The story of Dick Cheney, an unassuming bureaucratic Washington insider, who quietly wielded immense power as Vice President to George W. Bush, reshaping the country and the globe in ways that we still feel today.
Ron Stallworth, an African American police officer from Colorado Springs, CO, successfully manages to infiltrate the local Ku Klux Klan branch with the help of a Jewish surrogate who eventually becomes its leader. Based on actual events.
John David Washington,
In early 18th century England, a frail Queen Anne occupies the throne and her close friend, Lady Sarah, governs the country in her stead. When a new servant, Abigail, arrives, her charm endears her to Sarah.
In May 1940, the fate of Western Europe hangs on British Prime Minister Winston Churchill, who must decide whether to negotiate with Adolf Hitler, or fight on knowing that it could mean a humiliating defeat for Britain and its empire.
Kristin Scott Thomas
A Biopic on the life of the legendary American Astronaut Neil Armstrong from 1961-1969, on his journey to becoming the first human to walk the moon. Exploring the sacrifices and costs on the Nation and Neil himself, during one of the most dangerous missions in the history of space travel.Written by
The launch sequence is incorrect. The Saturn V main stage engines start 8 to 9 seconds before the actual launch of the rocket. Then all of the umbilical connections swing away at once and the hold-down clamps release. See more »
One of the most momentous events in history, turned into a depressing drag.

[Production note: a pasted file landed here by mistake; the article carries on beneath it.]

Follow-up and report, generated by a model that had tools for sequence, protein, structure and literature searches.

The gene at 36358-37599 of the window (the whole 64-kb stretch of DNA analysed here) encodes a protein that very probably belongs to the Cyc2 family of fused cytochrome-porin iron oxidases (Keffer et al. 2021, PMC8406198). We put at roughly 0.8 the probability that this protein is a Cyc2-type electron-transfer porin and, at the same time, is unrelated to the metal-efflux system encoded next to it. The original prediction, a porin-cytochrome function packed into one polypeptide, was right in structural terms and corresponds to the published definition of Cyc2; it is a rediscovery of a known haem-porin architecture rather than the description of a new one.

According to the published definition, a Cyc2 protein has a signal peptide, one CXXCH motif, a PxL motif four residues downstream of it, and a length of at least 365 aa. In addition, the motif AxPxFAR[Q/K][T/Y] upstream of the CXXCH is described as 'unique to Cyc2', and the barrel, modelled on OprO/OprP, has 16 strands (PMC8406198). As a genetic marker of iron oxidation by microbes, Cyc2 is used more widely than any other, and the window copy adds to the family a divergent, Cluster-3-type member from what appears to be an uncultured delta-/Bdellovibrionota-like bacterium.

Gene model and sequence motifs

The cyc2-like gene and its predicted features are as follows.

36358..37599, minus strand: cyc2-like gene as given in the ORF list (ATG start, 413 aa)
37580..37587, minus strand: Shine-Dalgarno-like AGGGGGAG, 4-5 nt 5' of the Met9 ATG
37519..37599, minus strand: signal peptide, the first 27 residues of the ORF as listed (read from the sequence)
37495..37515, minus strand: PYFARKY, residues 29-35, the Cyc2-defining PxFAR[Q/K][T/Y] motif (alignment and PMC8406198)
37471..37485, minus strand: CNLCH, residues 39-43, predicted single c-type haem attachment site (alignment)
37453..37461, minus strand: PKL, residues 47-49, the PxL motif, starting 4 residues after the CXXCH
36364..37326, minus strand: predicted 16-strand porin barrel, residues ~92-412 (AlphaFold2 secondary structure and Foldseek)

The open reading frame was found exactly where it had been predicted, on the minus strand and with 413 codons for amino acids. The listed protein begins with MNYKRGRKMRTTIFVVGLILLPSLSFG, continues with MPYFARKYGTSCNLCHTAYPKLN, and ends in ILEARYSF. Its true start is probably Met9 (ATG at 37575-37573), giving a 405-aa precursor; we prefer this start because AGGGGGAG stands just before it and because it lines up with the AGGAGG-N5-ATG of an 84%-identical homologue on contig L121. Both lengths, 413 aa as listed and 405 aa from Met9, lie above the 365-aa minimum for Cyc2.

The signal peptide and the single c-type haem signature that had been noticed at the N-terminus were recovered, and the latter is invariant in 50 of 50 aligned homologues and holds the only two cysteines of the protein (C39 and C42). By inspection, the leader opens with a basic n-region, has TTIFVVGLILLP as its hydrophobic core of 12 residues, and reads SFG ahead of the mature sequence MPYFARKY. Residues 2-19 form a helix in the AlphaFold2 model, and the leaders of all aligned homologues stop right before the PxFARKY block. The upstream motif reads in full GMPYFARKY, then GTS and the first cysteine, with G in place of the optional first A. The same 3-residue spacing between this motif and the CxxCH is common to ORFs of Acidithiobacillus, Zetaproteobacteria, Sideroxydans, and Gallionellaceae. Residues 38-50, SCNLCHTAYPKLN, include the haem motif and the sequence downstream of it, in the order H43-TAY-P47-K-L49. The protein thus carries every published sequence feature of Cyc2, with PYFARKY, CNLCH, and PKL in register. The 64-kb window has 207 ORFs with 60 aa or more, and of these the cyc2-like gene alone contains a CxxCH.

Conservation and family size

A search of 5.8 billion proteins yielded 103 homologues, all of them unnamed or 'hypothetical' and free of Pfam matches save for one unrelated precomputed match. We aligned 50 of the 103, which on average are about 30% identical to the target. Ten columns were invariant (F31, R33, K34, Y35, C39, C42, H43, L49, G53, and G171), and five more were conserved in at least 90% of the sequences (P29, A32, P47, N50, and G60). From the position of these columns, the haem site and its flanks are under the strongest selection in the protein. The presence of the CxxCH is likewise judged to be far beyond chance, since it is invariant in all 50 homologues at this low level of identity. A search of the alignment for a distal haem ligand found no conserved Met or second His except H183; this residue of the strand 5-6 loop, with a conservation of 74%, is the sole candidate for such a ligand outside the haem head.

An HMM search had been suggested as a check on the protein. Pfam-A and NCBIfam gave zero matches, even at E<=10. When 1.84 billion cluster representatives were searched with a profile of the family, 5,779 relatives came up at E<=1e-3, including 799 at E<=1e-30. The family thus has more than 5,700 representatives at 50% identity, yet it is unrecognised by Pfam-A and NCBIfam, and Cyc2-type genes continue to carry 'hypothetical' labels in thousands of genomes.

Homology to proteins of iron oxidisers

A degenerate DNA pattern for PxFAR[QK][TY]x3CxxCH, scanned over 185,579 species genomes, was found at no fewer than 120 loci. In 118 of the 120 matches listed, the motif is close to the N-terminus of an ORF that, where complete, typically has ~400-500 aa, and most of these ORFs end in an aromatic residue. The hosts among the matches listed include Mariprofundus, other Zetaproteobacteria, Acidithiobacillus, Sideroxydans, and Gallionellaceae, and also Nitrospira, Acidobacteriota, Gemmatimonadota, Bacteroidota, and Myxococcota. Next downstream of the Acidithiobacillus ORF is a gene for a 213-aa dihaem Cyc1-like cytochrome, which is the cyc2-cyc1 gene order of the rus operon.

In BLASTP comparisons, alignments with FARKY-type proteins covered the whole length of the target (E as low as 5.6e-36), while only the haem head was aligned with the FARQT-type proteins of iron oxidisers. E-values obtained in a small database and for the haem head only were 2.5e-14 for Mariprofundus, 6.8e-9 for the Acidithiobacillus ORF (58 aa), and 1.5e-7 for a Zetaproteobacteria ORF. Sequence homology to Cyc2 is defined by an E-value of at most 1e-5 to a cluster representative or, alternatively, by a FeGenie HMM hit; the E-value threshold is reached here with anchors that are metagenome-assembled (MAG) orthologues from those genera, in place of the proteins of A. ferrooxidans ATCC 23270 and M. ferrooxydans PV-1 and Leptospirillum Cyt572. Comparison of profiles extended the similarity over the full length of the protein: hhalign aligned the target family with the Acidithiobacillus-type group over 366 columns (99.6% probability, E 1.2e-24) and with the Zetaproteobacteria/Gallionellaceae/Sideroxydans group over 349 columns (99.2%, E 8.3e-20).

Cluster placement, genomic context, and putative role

If you are thinking this is going to be a fun, great movie like Apollo 13, well, just rent Apollo 13 and watch that one again.
I've been a 'space-nut' and an aficionado of NASA and the space program since I was a kid in the 70's. I'm not sure how they could have made a movie about Neil Armstrong and the first moon landing more sobby-eyed or depressing. It managed to capture none of the majesty, grandeur, or scope of the undertaking- it was just a wet-blanket of constant angst.
The close ups were so close-up that they made you want to back right out of the theater, and were shot in a way to make them resemble shaky-handed home-video footage shot on a hand-held. The camera just refused to hold still for anything in this movie, and it was infuriating.
I'm sure, at least at a few points in his life, Neil Armstrong cracked a smile. You wouldn't think so from watching this. I know he shunned public attention, but I find it impossible to believe Neil Armstrong could possibly have been as lifeless and wooden as he was portrayed in this film. Foy's portrayal of his wife came across even colder and less joyful than her depiction of Queen Elizabeth.
Sorely disappointing. 6/10, and I feel that's being fairly generous.
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